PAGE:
Sergei Polunin: how the bad boy of ballet found salvation...
Telegraph Article, November 30, 2017

Telegraph Article, November 30, 2017

Sergei Polunin: how the bad boy of ballet found salvation from drugs and self-harming

 

By Celia Walden 

 

Sergei Polunin is telling me about pain. There’s the emotional pain ballet dancers grow up with, explains the 28-year-old Ukrainian dancer, actor and model known as “the bad boy of ballet” – “the sense of being imprisoned by your own body” – and the physical pain that’s a daily reality. “Because when you’re not dancing, you’re always in some degree of pain. And I’ve danced since the age of three, so when I’m not exercising my body seizes up. Which means all day is spent wondering when I’ll be able to dance again.”

 

Polunin created a sensation in 2012 when he abruptly quit the Royal Ballet at the age of 21. Hailed as the new Nureyev, he had become the company’s youngest ever principal two years previously and had been a member of the Royal Ballet School since the age of 13. His antics offstage attracted almost as much attention as his sublime performances on stage, with rumours abounding about missed rehearsals and wild partying. When he quit, by walking out of rehearsals one day, he tweeted mysteriously, possibly mischievously, about wanting to buy some heroin and declared he would not be returning to Covent Garden. The dance world was left reeling.

 

Looking back on that period now, Polunin says that pain had acquired an addictive quality that had come to define his life. Most of the 22  million people who watched him dancing to Hozier’s Take Me to Church in a David LaChapelle-directed video that went viral on YouTube two years ago will have noticed that, along with 17 tattoos, his torso is covered with scars, the most prominent of which are a set of wide red stripes he calls his “tiger scratches”. These are a result of a “scarification” the dancer has previously described as a “warrior-like practice”. But today, he sees these as the acts of self-harm that they were – and proof that he was caught in a downward spiral that nearly ended his career.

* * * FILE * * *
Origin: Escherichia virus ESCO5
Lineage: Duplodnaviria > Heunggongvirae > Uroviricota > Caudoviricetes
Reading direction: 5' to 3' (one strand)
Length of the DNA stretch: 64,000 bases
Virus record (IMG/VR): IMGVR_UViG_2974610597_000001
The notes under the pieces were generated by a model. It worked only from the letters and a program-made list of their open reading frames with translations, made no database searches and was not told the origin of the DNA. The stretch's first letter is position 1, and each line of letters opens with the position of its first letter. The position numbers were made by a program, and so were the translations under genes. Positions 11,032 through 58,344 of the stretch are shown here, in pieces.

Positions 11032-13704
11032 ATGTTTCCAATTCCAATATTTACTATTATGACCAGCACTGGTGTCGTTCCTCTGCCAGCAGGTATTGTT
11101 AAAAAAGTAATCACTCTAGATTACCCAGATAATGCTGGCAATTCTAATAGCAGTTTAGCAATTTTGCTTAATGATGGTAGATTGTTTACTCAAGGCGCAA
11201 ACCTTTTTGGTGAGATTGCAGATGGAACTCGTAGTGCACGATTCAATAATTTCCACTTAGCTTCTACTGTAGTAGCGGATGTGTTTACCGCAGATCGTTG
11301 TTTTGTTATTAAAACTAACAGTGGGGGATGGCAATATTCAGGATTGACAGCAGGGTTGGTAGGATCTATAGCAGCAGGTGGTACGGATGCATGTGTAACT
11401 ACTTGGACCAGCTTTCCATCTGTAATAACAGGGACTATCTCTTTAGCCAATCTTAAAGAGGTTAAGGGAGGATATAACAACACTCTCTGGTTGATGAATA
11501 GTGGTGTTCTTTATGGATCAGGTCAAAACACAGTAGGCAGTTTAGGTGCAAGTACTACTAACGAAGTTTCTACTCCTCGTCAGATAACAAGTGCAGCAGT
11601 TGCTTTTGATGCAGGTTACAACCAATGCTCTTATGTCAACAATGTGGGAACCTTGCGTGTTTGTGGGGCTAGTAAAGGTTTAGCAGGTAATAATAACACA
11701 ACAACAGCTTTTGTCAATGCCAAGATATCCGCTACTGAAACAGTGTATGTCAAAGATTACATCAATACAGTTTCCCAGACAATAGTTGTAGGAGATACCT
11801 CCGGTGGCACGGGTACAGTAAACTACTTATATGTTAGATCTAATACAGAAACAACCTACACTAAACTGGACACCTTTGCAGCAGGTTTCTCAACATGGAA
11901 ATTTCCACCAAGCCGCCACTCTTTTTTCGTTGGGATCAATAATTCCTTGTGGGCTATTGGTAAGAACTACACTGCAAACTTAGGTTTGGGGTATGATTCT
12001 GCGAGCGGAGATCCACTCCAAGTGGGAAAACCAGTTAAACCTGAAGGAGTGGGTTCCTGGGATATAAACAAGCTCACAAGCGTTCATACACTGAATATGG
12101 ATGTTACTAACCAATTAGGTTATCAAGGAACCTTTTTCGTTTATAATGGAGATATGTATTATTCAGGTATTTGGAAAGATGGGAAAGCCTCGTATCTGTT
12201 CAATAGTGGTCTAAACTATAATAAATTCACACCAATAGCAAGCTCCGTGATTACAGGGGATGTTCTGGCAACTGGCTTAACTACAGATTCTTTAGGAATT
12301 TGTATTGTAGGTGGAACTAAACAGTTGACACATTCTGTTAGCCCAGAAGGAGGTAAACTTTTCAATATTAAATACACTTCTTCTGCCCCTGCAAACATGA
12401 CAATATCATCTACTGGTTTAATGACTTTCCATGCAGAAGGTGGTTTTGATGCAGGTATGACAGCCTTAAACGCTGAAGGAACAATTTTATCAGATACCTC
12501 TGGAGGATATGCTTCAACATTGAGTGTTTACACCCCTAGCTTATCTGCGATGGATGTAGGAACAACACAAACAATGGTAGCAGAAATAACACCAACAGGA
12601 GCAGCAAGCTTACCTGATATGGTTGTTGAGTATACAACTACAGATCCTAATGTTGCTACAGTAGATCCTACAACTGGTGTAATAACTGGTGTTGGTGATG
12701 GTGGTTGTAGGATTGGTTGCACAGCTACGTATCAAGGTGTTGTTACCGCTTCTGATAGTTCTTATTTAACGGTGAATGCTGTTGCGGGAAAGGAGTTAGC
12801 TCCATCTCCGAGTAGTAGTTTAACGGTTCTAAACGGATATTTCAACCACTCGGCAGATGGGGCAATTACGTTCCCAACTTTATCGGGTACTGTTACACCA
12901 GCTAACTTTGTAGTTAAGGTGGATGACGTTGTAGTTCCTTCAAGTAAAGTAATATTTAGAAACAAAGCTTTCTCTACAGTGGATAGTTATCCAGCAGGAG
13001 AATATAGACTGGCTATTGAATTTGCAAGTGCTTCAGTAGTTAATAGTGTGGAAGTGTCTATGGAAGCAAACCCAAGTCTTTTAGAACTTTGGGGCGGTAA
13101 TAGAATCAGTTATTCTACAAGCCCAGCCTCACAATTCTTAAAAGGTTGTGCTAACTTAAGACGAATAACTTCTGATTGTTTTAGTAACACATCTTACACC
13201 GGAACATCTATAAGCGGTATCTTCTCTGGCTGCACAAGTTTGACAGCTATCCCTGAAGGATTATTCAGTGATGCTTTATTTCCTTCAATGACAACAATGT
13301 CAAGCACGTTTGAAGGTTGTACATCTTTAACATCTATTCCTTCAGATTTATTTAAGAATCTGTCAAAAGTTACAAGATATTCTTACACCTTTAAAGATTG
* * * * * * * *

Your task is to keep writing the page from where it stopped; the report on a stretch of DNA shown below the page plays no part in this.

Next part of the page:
salvation sergei polunin
Sergei Polunin quit the Royal Ballet aged 21 CREDIT: RII SCHROER

 

“I’d been carving shapes into myself with razor blades ever since I was a kid,” begins Polunin, who is back in London rehearsing for the world premiere of his own company Project Polunin’s Satori next week: a triple bill that includes a new seven-minute ballet, First Solo, the London premiere of Kasyan Goleizovksy’s Scriabiniana and the world premiere of Satori: “a story of reawakening” co-created by Polunin. He is mild-mannered and courteous with imploring eyes and a wide, frank smile. “When I was 14, I’d draw scorpions on myself, and as I got older I realised that it released endorphins in the same way that having tattoos did – so that the pain would make me feel high for two days afterwards. Acid is the easiest way to do it,” he says blithely. “And it’s actually less painful than using razor blades, because skin is amazing stuff – it’s very hard to scar it – so you cut first and then put acid in the wound.”

 

As a form of rebellion, tattoos are as obvious as it gets (“in my mind they represented free people,” Polunin says poignantly). Ditto the drugs he lost himself in for months: “And I took everything imaginable,” he admits. “Not because I was addicted, but because I was trying to find answers, and I thought the drugs would help.” The cutting, however, was addressing something at the very core of Polunin’s torment: a need for the former infant prodigy from the impoverished Ukrainian town of Kherson, who felt the weight of his entire family’s hopes so acutely, to be more than just “a tool”. “I needed to remind myself that I was alive and here, me: that I exist. But the idea that to feel something you have to cut yourself, that you’re not really existing unless you’re feeling that pain…” He shakes his head. “I was in a very low place.”

 

salvation sergei polunin
‘I was in a very low place’: Polunin in London, 2017 CREDIT: RII SCHROER

 

At first, while at the Royal Ballet, Polunin enjoyed the “bad boy” brand. “I even played up to it. And there were offers coming in from musicals and America.” But soon he was struggling to cope. “Because I didn’t know what to do with the attention, it all started to slip away and that began impacting on me in a negative way.” Now, though, Polunin is shocked by the lack of support he received from his industry.